Hello, everybody. If this were most weeks, we’d focus on a spam detection update that Google announced on Wednesday. This isn’t most weeks and there’s a bigger fish to fry, but it’s still pretty relevant. We’ll give you a rundown after we publicize a new Local Viking help article.
We get a lot of questions about what kind of content you or your clients should add while using GeoBooster, the mobile app we made that lets its users simultaneously post to Facebook Pages, Google Business Profiles, Professional Instagram accounts, Twitter, and Pinterest. To that end, we just completed this guide. If you are using (or thinking about using) GeoBooster, you should give it a read.
Now, back to that spam update. Google Search is pretty janky if you don’t speak a Western language or Japanese. People in Vietnam, Turkey, China, India, and Indonesia often see auto-generated garbage on their page one search results. You can run into this in English with obscure keywords, but it wouldn’t be strange for someone searching for food delivery in Ho Chi Minh City to see a website about hot singles in his area with a PIZZA PIZZA PIZZA H1 tag.
Google let this get out of hand because people in those countries (on average) have the same buying power as a Canadian kid with a $25 Visa gift card. It takes 230-something searches from Java (an Indonesian island with a population north of 150 million) for Google to generate the same revenue they earn from a single query about fishing poles from someone in Berlin. Still, the five countries that were specifically mentioned account for nearly half the people on Earth (according to Bing Chat), so Google is getting around to providing an acceptable product to that niche market.
Although this update is mostly aimed at making web browsing tolerable in developing countries, it’ll be applied worldwide. Someone looking for a Danish-language tutorial that explains how to wirelessly broadcast to an Amazon Fire Stick from a Raspberry Pi running Haiku OS should theoretically see fewer results that look like r/SubSimulatorGPT2 posts from now on. The update will finish rolling out around twelve days from now. You can read more about how Google detects spam on the How Search Works page they dedicated to the topic.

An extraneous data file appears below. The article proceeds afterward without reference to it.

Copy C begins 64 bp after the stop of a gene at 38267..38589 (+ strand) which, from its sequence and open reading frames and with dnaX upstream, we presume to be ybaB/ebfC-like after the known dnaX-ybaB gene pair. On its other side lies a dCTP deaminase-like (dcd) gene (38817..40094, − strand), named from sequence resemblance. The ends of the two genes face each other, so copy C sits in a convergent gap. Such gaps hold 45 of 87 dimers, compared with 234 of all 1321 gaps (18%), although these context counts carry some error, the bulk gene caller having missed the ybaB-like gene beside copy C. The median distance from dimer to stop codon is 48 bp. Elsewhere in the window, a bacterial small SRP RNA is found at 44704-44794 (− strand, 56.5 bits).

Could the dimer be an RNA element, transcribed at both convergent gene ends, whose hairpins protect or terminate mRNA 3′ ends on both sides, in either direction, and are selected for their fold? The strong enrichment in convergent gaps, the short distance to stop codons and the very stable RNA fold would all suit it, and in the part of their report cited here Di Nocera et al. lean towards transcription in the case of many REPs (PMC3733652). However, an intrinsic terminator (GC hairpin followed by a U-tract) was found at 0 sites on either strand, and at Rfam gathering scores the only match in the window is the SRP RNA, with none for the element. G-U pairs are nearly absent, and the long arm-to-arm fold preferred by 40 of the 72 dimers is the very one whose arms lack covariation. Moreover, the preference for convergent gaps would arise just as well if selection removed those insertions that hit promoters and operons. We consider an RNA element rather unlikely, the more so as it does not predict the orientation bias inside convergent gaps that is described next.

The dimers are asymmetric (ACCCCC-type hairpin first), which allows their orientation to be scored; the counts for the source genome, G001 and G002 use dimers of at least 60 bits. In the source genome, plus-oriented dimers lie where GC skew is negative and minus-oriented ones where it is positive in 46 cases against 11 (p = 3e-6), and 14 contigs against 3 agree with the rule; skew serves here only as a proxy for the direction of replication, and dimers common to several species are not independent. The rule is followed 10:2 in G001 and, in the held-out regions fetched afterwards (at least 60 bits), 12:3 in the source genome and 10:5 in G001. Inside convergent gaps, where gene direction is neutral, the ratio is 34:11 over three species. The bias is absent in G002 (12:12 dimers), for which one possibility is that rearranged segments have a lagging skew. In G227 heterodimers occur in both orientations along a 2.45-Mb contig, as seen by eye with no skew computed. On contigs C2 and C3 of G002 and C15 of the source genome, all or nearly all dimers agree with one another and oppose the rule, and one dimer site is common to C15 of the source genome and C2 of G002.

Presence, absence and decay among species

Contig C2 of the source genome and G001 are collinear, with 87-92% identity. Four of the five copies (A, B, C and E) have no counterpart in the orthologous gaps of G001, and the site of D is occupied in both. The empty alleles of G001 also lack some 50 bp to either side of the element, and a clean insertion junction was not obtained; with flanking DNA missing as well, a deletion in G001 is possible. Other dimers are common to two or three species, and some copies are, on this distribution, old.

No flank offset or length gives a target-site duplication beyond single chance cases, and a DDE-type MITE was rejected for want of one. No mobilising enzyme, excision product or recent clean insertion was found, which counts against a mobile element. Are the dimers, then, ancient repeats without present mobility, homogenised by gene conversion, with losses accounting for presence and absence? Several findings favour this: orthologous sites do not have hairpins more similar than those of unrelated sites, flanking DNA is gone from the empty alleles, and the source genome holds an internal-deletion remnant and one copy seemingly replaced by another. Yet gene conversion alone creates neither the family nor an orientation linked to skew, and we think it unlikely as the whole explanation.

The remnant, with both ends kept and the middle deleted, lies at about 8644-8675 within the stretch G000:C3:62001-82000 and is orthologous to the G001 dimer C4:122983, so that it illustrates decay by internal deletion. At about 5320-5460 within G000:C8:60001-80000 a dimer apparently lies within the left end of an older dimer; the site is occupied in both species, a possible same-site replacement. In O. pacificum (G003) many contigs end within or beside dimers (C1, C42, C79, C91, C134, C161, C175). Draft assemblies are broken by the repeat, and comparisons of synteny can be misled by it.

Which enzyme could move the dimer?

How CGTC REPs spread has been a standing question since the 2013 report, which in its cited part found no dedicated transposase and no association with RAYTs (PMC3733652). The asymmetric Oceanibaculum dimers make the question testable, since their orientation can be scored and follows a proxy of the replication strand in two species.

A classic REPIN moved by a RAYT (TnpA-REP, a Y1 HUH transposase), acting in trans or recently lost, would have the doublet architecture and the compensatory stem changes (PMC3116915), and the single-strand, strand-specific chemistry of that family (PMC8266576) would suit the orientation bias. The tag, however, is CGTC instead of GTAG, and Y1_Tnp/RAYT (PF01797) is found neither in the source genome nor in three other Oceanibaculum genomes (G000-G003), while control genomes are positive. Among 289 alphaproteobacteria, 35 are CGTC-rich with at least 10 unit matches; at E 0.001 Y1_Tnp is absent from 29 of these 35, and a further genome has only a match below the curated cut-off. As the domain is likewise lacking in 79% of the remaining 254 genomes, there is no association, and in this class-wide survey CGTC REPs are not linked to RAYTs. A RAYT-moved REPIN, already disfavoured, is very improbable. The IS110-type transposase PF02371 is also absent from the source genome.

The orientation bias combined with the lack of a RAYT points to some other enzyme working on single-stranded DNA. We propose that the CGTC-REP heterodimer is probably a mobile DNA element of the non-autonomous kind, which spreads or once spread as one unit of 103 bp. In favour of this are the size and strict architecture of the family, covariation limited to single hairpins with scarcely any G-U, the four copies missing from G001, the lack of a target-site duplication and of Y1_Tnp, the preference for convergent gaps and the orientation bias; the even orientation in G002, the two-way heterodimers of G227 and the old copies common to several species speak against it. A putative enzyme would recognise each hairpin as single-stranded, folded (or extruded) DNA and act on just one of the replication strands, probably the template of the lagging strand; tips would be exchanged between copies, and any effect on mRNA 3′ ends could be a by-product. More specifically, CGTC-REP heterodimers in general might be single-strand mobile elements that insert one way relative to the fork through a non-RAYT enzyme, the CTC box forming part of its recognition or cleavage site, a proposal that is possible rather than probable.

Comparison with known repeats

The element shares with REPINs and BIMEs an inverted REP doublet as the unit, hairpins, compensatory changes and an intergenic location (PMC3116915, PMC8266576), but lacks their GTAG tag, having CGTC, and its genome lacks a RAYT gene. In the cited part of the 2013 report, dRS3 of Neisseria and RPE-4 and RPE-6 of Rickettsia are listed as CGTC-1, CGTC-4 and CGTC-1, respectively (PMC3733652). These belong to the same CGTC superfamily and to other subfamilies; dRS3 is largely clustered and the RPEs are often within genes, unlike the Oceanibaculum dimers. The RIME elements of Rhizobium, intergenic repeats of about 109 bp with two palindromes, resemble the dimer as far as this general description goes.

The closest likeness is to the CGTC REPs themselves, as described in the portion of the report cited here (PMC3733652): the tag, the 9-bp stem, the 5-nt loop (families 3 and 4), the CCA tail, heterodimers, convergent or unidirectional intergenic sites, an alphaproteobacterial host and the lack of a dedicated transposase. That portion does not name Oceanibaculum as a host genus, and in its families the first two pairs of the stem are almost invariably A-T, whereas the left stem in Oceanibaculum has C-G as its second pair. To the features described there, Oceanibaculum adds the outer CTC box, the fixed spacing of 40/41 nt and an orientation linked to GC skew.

Let’s talk about that bigger fish now. If you’re wondering why we included a picture of the Roman god of financial gain, that will become apparent shortly.
An antitrust case against Google is in full swing. If you haven’t heard much about it, that’s because Google successfully lobbied to block it from being livestreamed and most sessions are closed to the public. The only way for a journalist to cover this trial is to be physically present in a Washington, DC courthouse and observe the few open sessions that occur on any given day. Quality coverage of this trial primarily exists on the far side of paywalls that cost hundreds of dollars.
Despite those difficulties, Megan Gray wrote a bombshell article for Wired on Monday. It’s called How Google Alters Search Queries to Get at Your Wallet. It’s primarily about Project Mercury, which is Google’s effort to “shake the sofa cushions” for additional advertising revenue.
We need to describe semantic matching before we can explain what’s so nefarious about Project Mercury. The easiest way to understand the concept is to think about what happens when there’s a typo in your search terms. If you search for “house cleanr,” Google’s algorithms immediately conclude that you meant “house cleaner” and display results for the correctly spelled search term. A less visible but equally present manifestation of semantic matching is the fact that Google will also look for nearby businesses that rank well for synonymous search terms (“residential cleaning service” would be a good example in this case) and serve those results up too.
Project Mercury is Google’s employment of a sinister variant of semantic matching. When people use Search to look for goods or services, Google secretly and invisibly checks which businesses it could feasibly swap in for the user-submitted keyword and then determines which one of those businesses is paying the most to appear in search results. We will quote the Wired article below to paint a picture of how this plays out in practice.
Say you search for “children’s clothing.” Google converts it, without your knowledge, to a search for “NIKOLAI-brand kidswear,” making a behind-the-scenes substitution of your actual query with a different query that just happens to generate more money for the company, and will generate results you weren’t searching for at all. It’s not possible for you to opt out of the substitution. If you don’t get the results you want, and you try to refine your query, you are wasting your time. This is a twisted shopping mall you can’t escape.
That is insane.
Today’s first closing link examines the way Travis Kelce’s girlfriend impacted NFL ratings. With 27 million viewers, Sunday night’s game between the Bears and the Chiefs was the most-watched TV show since the Super Bowl in February. The fact that teenage girl viewership jumped by 53% was predictable. The fact that “seemingly ranch” went viral after a fan account guessed which condiments were on Taylor Swift’s plate while tweeting a picture of her snacking is something no one saw coming. Even Heinz cashed in on it. Life is weird sometimes.
Our next link explores the state of Twitter a year after it went private. There’s lots to look at, but the big picture stat is that its revenue is down 60%.
Finally, Search Engine Journal just published a guide for getting an affiliate marketing income stream going.
Take care of yourselves out there. Have a great weekend.